The last time Michigan played Wisconsin, Bret Bielema’s Badgers ran all over the defense of coordinator Greg Robinson. Montee Ball and James White combined for 354 yards and six touchdowns, Scott Tolzien threw for 201 yards, and No. 6 Wisconsin romped to a 48-28 win over 7-4 Michigan.
It’s been a while, in other words. Nearly six years have passed since the Badgers and Wolverines met, and under normal circumstances, that alone would make Saturday’s meeting at the Big House a well-anticipated event.
But there’s nothing normal here. Both are ranked in the top 10, and two different Big Ten division races could hinge on the result.
Each week at Football Study Hall, I post team statistical profiles that feature updated S&P+ win probabilities, Five Factors box scores, etc. The win probabilities tell us pretty interesting things about both division races.
Big Ten East projections
Our eyes were already telling us that it is a two-team race in the East. As impressive as Michigan State looked in beating a Notre Dame that hadn’t yet lost to Duke, the Spartans were uninspiring in a win over Furman and out of answers in a 30-6 loss to Wisconsin last week. They were woefully inefficient on offense, and it took them a quarter or two to figure out a Badger offense now led by Alex Hornibrook.
With preseason projections now playing only about a 30 percent role in the S&P+ ratings, State’s ratings now have no safety net.
Sparty fell from 30th to 47th this week: 21st on defense, but 77th on offense.
We know how well Mark Dantonio’s team plays as an underdog, and getting both Michigan and Ohio State at home will give the Spartans an opportunity to play a role in the East race — even if they are not contenders. But any sort of rebound needs to begin immediately: S&P+ gives MSU only a 44 percent chance of beating Indiana on Saturday evening.
With Sparty down, this race is two-dimensional. Ohio State vs. Michigan, Michigan vs. Ohio State.
Not surprisingly, both teams — the top two in overall S&P+ — are projected to win each game between now and the big game in Columbus on Nov. 26. Only a few are projected to be particularly close.
- Michigan is currently given under 80 percent win probability in only two games: Wisconsin this Saturday (79 percent) and at Iowa on Nov. 12 (79 percent).
- Ohio State, meanwhile, is under 85 percent only once: at Wisconsin on Oct. 15 (74 percent).
S&P+ loved both of these teams at this time last year, too, but Michigan’s run defense faded drastically, thanks in part to injuries. If injuries don’t interject again, we might end up with the most important UM-OSU game since 2006, when two undefeated teams met in a BCS eliminator.
Big Ten West projections
Impressions can change quickly. A week ago, we were trying to determine the significance of Wisconsin’s labored win over Georgia State, a slog that required them to work deep into the fourth quarter before putting the Panthers away, 23-17.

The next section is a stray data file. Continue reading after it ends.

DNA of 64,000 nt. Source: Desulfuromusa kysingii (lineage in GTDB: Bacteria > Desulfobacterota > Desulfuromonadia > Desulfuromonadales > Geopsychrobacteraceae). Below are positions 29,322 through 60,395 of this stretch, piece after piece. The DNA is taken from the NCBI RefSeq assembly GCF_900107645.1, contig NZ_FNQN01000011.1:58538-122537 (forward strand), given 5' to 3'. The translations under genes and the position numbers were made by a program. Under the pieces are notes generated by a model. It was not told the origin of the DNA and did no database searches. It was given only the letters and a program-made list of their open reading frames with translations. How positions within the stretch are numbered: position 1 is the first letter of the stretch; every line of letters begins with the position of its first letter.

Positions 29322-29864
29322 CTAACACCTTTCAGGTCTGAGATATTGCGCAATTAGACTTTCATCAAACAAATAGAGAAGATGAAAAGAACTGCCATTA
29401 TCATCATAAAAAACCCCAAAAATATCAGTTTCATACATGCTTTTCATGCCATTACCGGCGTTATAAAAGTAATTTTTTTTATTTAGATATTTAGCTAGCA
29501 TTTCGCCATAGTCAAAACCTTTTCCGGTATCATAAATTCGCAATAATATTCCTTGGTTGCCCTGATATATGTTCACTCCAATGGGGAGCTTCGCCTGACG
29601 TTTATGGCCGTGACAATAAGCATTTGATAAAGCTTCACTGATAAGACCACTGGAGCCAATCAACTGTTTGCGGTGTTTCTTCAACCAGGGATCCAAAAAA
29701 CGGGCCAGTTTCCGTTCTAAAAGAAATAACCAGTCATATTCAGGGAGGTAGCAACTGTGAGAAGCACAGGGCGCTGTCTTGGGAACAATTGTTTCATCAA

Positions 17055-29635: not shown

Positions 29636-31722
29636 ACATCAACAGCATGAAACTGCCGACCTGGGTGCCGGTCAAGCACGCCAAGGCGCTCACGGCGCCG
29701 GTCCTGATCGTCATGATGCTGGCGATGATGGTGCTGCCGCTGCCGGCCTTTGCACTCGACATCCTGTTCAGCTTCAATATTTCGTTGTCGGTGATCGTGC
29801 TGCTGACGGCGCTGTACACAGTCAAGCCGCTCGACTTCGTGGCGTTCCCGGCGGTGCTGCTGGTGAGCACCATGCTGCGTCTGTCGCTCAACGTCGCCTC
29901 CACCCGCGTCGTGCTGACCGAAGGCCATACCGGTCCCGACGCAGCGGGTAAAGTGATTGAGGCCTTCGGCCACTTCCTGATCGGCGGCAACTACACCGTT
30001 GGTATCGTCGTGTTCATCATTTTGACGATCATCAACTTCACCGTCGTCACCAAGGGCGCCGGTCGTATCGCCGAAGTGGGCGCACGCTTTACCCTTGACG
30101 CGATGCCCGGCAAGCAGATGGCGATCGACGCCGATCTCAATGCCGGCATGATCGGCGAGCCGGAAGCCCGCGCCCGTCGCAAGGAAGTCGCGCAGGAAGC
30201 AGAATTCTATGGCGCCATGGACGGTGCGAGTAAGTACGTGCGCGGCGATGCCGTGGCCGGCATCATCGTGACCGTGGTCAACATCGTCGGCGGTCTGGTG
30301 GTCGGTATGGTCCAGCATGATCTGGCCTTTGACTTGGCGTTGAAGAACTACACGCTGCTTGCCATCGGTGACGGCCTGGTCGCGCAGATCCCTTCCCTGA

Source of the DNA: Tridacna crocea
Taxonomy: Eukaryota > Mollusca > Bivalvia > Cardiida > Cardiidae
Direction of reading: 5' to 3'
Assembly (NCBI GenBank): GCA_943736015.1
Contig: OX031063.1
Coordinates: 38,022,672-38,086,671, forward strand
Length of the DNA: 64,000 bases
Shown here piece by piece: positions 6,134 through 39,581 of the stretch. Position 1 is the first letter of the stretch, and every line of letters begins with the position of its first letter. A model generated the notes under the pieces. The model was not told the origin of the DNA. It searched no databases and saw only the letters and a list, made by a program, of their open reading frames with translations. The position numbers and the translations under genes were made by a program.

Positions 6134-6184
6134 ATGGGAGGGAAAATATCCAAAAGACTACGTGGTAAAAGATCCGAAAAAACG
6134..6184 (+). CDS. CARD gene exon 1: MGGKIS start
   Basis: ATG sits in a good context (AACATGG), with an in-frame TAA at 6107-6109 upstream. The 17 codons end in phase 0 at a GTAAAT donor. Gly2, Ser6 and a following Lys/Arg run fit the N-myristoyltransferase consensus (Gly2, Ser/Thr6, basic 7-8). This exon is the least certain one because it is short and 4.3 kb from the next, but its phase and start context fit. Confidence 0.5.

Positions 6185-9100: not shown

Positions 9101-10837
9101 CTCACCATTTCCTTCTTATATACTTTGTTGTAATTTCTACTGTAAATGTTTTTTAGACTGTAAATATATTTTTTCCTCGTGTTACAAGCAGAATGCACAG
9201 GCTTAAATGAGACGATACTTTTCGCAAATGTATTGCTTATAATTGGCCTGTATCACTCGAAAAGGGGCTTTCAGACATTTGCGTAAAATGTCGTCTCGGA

Now, following a dominant performance in East Lansing, we’re wondering if anyone can touch the Badgers in the West race. Spoiler: Yes.
Heading into October, the S&P+ ratings split the West into two tiers.
Wisconsin (No. 16), Nebraska (No. 23), Iowa (No. 28), and Minnesota (No. 35) are separated by only about 5.6 adjusted points per game.
Illinois (No. 71), Northwestern (No. 73), and Purdue (No. 89) lag far behind.
We reflexively think of teams based on their last impressions. Wisconsin is now clearly the best team in the West, even though we were wondering about mediocrity just a week ago. While wins over LSU and Michigan State pushed the Badgers ahead of their West brethren, it’s only by so much. And they still have the toughest upcoming slate among contenders.
- Wisconsin: Plays both Michigan (road) and Ohio State (home), gets two of three other contenders at home.
- Nebraska: Plays Ohio State (road), gets two of three West contenders on the road.
- Iowa: Plays Michigan (home), gets two of three West contenders at home.
- Minnesota: Plays neither Michigan nor Ohio State, gets two of three West contenders on the road.
Of the four contenders, the two best have the toughest upcoming roads. That could make for a fascinating race.
Maybe the West will be decided by Nebraska’s trip to Wisconsin on Oct. 29. But don’t count out Iowa and Minnesota just yet.
Iowa hasn't played inspired football over the last couple of weeks, losing to North Dakota State and winning by only seven at Rutgers. But over four games, the Hawkeyes have demonstrated both major offensive potential (87 points against Miami-Ohio and Iowa State) and sturdy defense (13.5 points per game allowed). Plus, they get both Wisconsin and Nebraska at home and avoid Ohio State.
Minnesota has improved slightly each week. The Gophers had to work to get past Oregon State but pummeled Indiana State and outgained Colorado State by nearly 2 yards per play this past Saturday. A shakier-than-expected Minnesota defense allowed CSU to stay closer than they should have, but the offense is improving enough to make up the difference.
Backs Rodney Smith and Kobe McCrary are averaging 6 yards per carry and 164 rushing yards per game, and quarterback Mitch Leidner is completing 65 percent of his passes, mostly avoiding mistakes, and averaging 5.6 yards per (non-sack) carry himself.
I'm not going to try to convince you that either the Hawkeyes or Gophers are strong teams. But they might be good enough to take advantage of scheduling and make a division run, especially if Wisconsin falters.
If the Badgers take down Michigan on Saturday, however, maybe this isn’t a race at all.
Week 5 Big Ten slate:
AP rankings listed below. All times ET.
- Northwestern at Iowa (12 p.m., ESPNU)
- Rutgers at No. 2 Ohio State (12 p.m., BTN)
- Purdue at Maryland (3:30 p.m., BTN)
- No. 8 Wisconsin at No. 4 Michigan (3:30 p.m., ABC)
- Illinois at No. 15 Nebraska (3:30 p.m., ESPN2)
- Minnesota at Penn State (3:30 p.m., BTN)
- No. 17 Michigan State at Indiana (8 p.m., BTN)